Former NSA contractor Edward Snowden gained access to some classified documents at the NSA by persuading other agency colleagues to share their login credentials with him, according to an exclusive Reuters report.

Former U.S. National Security Agency contractor Edward Snowden used login credentials and passwords provided unwittingly by colleagues at a spy base in Hawaii to access some of the classified material he leaked to the media, sources said.

A handful of agency employees who gave their login details to Snowden were identified, questioned and removed from their assignments, said a source close to several U.S. government investigations into the damage caused by the leaks.

Snowden may have persuaded between 20 and 25 fellow workers at the NSA regional operations center in Hawaii to give him their logins and passwords by telling them they were needed for him to do his job as a computer systems administrator, a second source said.

Last month, Reuters also reported the NSA failed to install the most up-to-date anti-leak software at the Hawaii facility long before Snowden had been employed there as a contractor.  The software, which had been installed at other US government facilities, is designed to detect unauthorized access attempts.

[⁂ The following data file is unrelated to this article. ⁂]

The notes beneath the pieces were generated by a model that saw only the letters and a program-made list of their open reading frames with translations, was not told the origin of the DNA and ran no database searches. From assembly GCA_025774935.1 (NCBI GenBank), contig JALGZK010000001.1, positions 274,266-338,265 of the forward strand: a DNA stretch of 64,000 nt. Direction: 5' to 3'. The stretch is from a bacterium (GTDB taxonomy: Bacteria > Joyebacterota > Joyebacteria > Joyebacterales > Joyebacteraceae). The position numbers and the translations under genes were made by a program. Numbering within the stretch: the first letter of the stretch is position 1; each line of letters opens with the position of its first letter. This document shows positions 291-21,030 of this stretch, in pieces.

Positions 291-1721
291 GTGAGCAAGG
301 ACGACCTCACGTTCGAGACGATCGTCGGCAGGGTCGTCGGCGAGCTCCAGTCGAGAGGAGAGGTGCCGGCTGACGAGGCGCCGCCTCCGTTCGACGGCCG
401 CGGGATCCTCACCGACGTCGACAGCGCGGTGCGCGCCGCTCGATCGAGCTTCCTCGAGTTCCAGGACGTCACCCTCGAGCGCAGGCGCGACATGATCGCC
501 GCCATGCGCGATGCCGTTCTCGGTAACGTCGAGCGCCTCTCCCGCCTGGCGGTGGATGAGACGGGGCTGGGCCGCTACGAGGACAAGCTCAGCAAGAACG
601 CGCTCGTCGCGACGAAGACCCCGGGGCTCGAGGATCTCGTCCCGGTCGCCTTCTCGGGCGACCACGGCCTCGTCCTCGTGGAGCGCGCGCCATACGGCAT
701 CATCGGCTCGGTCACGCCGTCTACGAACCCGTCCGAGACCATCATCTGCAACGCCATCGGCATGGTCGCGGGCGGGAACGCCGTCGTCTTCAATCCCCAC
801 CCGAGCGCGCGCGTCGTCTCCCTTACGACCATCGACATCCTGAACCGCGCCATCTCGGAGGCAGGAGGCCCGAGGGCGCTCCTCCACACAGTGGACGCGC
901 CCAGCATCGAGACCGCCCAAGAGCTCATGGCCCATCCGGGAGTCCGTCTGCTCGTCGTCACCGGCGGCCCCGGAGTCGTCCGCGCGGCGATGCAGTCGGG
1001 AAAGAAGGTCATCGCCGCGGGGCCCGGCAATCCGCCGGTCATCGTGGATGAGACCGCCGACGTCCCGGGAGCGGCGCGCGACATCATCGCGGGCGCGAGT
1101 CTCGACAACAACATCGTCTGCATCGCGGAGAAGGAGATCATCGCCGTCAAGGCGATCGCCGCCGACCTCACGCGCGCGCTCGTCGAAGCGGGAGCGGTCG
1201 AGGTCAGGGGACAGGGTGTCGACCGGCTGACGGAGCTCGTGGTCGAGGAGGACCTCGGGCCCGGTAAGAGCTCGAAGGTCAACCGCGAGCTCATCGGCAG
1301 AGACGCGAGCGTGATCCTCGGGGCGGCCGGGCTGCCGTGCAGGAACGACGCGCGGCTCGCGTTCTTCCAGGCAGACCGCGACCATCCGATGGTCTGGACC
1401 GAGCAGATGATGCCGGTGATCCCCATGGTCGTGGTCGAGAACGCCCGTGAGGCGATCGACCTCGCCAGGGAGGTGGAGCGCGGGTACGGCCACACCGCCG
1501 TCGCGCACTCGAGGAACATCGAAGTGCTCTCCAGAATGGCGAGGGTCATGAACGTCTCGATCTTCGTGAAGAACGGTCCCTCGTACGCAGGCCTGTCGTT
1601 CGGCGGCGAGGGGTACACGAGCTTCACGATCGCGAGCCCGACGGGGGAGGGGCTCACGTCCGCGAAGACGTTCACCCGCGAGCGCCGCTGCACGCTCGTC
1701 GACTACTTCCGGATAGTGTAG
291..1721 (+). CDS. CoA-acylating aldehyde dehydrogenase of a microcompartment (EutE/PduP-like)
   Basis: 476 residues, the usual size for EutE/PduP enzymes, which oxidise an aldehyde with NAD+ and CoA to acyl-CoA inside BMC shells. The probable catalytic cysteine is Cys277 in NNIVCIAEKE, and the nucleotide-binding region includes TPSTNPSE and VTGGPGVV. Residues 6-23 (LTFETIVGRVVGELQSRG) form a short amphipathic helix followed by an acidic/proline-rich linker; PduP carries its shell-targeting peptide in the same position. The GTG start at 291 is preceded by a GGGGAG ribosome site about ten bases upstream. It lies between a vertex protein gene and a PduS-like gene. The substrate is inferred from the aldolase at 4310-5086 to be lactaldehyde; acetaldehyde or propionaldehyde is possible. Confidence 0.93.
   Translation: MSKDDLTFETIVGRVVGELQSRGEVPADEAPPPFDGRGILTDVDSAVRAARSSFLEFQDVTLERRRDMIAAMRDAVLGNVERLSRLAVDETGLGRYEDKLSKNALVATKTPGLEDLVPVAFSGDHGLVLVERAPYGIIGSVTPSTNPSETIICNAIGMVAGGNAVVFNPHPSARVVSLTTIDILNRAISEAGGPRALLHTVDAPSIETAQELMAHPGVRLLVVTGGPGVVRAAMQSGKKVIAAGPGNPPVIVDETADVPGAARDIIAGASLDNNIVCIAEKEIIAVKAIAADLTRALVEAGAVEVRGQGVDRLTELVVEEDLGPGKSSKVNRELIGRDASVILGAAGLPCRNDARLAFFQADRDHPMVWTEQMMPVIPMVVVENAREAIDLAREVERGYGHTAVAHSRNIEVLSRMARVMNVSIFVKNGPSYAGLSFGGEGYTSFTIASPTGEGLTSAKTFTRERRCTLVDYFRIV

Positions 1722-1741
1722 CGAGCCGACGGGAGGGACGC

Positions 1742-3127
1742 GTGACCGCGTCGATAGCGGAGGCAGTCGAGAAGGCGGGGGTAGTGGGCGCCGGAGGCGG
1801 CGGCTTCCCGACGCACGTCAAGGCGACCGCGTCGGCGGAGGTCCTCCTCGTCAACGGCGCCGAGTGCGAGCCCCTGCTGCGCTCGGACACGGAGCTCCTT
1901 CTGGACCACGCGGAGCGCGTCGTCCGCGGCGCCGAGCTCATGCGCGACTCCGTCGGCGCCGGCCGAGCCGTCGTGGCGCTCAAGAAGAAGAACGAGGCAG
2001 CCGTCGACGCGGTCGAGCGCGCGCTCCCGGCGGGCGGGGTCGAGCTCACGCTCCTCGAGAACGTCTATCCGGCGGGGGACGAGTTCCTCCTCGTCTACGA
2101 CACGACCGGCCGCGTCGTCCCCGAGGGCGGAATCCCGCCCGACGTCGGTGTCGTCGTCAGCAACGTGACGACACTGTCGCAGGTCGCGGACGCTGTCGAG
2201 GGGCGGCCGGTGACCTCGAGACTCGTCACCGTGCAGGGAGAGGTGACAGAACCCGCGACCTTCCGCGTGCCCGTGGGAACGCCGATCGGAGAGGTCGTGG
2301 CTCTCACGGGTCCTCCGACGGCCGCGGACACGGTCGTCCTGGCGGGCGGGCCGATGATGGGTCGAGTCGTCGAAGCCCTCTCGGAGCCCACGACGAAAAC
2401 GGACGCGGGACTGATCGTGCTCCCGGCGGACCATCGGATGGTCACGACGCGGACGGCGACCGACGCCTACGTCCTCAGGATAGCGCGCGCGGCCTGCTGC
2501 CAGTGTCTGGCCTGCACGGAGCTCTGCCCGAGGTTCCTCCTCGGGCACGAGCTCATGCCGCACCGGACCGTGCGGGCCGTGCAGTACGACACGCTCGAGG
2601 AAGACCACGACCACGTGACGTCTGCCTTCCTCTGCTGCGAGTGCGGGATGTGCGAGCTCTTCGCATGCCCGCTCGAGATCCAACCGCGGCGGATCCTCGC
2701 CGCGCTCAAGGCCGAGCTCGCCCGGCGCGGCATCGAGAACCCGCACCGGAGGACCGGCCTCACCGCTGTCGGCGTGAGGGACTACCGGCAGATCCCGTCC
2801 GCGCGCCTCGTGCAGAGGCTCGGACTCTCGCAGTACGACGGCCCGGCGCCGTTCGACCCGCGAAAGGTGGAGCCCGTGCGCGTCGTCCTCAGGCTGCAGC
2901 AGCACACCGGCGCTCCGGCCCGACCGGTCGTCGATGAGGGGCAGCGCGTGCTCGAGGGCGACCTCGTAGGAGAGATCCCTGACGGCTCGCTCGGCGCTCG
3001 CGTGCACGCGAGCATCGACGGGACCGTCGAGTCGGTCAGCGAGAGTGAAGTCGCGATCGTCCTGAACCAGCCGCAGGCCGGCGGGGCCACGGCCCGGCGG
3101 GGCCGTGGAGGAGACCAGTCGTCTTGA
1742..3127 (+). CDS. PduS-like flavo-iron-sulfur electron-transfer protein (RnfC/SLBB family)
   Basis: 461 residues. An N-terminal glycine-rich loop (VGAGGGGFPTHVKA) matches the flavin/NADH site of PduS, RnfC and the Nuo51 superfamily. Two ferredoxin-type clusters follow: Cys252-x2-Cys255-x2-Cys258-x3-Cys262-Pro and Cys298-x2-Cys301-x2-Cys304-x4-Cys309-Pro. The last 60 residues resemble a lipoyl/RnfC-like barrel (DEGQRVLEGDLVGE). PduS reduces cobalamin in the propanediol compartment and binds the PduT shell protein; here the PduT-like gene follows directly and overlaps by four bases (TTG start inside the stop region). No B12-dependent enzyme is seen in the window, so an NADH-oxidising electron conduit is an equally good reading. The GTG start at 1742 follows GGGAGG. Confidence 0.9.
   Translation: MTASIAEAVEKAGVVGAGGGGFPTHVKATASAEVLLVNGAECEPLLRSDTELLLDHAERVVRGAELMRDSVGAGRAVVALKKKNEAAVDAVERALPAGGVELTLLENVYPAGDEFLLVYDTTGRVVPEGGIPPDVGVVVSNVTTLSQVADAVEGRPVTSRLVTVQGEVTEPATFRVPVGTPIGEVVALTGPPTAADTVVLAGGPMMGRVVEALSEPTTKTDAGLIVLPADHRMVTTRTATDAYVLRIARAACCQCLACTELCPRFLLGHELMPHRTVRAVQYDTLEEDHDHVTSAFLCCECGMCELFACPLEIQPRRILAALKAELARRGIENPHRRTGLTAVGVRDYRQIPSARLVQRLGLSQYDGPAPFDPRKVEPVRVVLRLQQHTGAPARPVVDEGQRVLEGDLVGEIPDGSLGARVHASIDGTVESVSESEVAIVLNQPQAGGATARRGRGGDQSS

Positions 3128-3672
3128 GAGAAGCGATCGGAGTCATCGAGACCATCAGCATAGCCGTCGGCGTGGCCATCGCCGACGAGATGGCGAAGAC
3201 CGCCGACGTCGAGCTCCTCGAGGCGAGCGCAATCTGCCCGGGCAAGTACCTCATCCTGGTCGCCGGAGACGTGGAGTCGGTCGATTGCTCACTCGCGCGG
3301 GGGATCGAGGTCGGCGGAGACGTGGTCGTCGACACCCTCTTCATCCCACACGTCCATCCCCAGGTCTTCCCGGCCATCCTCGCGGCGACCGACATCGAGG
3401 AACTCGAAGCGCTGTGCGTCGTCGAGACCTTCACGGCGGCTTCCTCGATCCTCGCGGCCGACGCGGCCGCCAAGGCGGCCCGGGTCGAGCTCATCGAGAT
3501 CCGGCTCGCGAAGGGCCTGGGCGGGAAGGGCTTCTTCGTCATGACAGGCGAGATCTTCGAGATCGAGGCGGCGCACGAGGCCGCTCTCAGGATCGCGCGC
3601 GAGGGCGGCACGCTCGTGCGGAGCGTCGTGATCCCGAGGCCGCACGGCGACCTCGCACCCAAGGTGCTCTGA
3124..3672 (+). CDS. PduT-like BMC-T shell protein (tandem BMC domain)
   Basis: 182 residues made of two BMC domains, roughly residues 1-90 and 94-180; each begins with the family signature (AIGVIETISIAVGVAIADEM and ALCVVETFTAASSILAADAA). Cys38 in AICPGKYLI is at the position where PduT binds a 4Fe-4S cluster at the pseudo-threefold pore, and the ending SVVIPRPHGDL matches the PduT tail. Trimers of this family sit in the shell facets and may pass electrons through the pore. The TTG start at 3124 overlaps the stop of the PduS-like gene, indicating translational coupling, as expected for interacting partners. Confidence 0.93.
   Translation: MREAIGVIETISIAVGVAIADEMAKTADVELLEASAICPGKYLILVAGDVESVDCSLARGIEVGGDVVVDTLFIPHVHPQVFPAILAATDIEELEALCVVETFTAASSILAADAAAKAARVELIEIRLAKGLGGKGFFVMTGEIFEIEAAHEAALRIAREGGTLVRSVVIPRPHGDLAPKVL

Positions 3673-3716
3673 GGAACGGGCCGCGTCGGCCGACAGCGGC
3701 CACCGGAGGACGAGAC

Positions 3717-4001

Well before Snowden joined Booz Allen Hamilton last spring and was assigned to the NSA site as a systems administrator, other U.S. government facilities had begun to install software designed to spot attempts by unauthorized people to access or download data.

The purpose of the software, which in the NSA’s case is made by a division of Raytheon Co, is to block so-called “insider threats” – a response to an order by President Barack Obama to tighten up access controls for classified information in the wake of the leak of hundreds of thousands of Pentagon and State Department documents by an Army private to WikiLeaks website in 2010.

The Reuters report indicated that the Hawaii facility had not yet installed the software because “it had insufficient bandwidth to comfortably install it and ensure its effective operation,” according to a US official with whom the outlet spoke.

Snowden had only worked at the facility for about a month when he downloaded tens of thousands of confidential NSA documents.  In June, Snowden told a Hong Kong news outlet that he sought the position specifically to gather evidence on NSA surveillance.

Snowden’s disclosures have since sparked a series of congressional hearings on NSA surveillance programs.